SureTrader.com, listed with the Securities Exchange of The Bahamas since January 2012, has increased its staff to eight Bahamians and filled out its 4,000-square-foot office at Elizabeth on Bay. The firm plans to hire up to 20 more people by the end of this year and currently seeks professional Bahamians amid expansion, according to its founder Guy Gentile.
The parent company, Swiss American Securities Limited, is also the founder of SpeedTrader.com, a U.S. online trading broker with around $20 million in annual revenue.
Gentile told Guardian Business that SureTrader.com is poised to earn $25 million in annual revenue in 2013.
"What gives us our edge is superior trading technology and a New York business approach," he said. "I operate a lean aggressive staff that has a strong desire to be the best. Not only the best in The Bahamas, but the best in the world."
Gentile added that SureTrader.com hopes to open 5,000 new accounts in 2013 after opening 2,000 in 2012. The firm wants to become the largest brokerage in The Bahamas by revenue in 2014.
"We have given ourselves an advantage by offering extended margin leverage of 6-1 compared to 3-1 in Canada and 4-1 in the U.S. We have the largest short list in the industry, we allow shorting in penny stocks, and you can fund an account easily with a credit card. There are no restrictions on day trading," he added.
Later this year, Swiss American plans to widen its project offerings through Canadian stock and options, Gentile said, and by connecting VISA debit cards to the accounts.
Following a staffing boost, the firm also wants to offer a customer service line and eventually go to 24 hours after adding European trading. The company has recently aligned itself with RBC Royal Bank, Interactive Brokers, ETC Clearing and DAS Trader.
Gentile, a U.S. investor, remains the largest tenant in the Elizabeth on Bay plaza, located on East Bay Street. He has invested approximately $400,000 into the new SureTrader.com office, with an additional $1.5 million or so in Sur Sushi.
The latter is expected to open in the coming weeks.
Back in December, Gentile reported that the restaurant has received more than 500 applications. Only 45 Bahamians will be hired for the trendy, new restaurant. Blu, formerly located across from the up-and-coming Sur Sushi, closed its doors late last year and put dozens of Bahamians out of work. Investors hope Gentile and his business ventures will help re-energize the plaza and East Bay Street.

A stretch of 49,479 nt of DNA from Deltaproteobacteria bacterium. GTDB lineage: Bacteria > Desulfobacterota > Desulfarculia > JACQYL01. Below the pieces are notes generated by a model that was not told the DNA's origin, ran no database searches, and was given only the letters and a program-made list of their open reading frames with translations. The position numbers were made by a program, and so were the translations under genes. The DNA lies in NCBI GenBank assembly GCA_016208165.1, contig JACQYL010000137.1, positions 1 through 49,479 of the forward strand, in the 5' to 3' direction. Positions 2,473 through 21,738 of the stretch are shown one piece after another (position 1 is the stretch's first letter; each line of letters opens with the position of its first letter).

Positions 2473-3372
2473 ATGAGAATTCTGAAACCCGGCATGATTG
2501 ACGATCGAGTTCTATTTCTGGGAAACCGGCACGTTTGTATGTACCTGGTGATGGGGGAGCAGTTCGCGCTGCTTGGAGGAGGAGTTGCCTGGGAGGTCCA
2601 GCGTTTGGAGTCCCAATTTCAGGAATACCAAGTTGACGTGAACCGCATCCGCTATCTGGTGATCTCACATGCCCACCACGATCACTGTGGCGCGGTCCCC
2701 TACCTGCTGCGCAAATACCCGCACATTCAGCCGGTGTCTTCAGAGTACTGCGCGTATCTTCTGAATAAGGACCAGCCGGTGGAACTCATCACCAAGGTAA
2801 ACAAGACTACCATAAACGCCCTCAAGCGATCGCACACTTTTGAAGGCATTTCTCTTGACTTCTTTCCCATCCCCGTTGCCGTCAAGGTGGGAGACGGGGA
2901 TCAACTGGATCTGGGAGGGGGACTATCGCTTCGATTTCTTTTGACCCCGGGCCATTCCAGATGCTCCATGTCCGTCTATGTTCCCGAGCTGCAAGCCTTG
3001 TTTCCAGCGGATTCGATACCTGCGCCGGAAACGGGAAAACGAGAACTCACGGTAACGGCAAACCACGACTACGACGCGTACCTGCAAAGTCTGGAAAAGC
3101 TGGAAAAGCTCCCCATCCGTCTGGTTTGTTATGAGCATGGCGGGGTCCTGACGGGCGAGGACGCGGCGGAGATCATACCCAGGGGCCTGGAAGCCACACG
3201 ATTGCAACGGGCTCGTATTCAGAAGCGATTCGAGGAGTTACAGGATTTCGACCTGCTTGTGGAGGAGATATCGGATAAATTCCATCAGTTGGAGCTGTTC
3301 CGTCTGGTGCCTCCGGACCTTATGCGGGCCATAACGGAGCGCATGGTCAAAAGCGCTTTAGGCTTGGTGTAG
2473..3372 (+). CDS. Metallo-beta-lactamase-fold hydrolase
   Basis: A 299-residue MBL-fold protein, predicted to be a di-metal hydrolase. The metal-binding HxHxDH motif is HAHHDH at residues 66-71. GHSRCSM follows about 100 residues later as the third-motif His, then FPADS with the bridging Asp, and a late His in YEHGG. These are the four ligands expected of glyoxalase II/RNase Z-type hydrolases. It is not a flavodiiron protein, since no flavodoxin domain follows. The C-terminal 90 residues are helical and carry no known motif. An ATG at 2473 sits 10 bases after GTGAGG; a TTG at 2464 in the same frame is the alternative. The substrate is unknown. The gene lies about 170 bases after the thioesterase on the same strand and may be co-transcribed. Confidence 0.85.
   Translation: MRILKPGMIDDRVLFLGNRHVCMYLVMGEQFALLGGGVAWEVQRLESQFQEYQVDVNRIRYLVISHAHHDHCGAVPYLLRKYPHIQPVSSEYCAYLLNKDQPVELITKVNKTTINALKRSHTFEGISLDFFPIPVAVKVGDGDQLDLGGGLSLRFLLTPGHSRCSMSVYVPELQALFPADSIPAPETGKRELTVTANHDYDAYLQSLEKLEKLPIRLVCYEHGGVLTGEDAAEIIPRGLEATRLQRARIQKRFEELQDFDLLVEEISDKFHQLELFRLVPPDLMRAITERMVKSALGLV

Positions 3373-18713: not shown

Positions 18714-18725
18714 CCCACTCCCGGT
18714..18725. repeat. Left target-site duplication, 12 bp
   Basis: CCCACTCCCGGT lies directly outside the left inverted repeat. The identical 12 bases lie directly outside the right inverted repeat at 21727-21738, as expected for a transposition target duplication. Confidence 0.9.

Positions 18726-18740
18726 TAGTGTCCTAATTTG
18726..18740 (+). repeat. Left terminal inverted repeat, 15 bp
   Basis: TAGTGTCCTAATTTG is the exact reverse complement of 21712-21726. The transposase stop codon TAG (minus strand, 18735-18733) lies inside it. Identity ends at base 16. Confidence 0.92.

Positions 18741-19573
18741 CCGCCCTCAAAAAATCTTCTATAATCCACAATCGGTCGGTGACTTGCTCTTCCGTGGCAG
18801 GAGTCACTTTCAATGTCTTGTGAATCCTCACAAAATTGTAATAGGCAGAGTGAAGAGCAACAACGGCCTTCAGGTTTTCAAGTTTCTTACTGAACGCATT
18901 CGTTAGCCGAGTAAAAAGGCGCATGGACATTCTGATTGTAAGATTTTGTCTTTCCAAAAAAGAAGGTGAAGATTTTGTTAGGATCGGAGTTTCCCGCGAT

A new development overlooking Governor's Harbour is "full bore" into construction and expects to open its doors around this time next year.
French Leave Resort on Eleuthera, which broke ground several months ago, is targeting 16 hotel cottages and a "commercial area" within the next 12 to 16 months. At least 30 Bahamians will find full-time employment once this first phase opens.
Eddie Lauth, partner in Governor's Harbour Resort & Marina and the CEO of Shaner Capital, said the underground utilities are "well advanced" and crews have moved on to the third hotel cottage.
"In the next 12 months we hope to have 16 of these cottages on the seafront with the commercial area completed. We are definitely on schedule," he said. "The other 23 cottages will come online over the course of another 24 months or so following that."
Shaner Bahamas, a company founded by Lance T. Shaner, entered into a partnership with Governor's Harbour Resort & Marina to build and finance the property. Shaner Bahamas is an off-shoot of the Shaner Hotel Group, a corporation with more than 24 owned or managed properties and thousands of employees.
French Leave has already created dozens of construction jobs as local crews work to complete the resort.
Lauth told Guardian Business that the commercial area includes a bar and grill, pool, events lawn, fitness center, reception, gift shop, fire pit area and wedding pavilion. Developers have a beach pub lined up as well. Between the commercial zone and the 16 cottages, he said 30 full-time jobs is likely a "conservative" number".
The cottages, he explained, are built in a traditional Bahamian style with cedar roofs and hurricane resistant glass.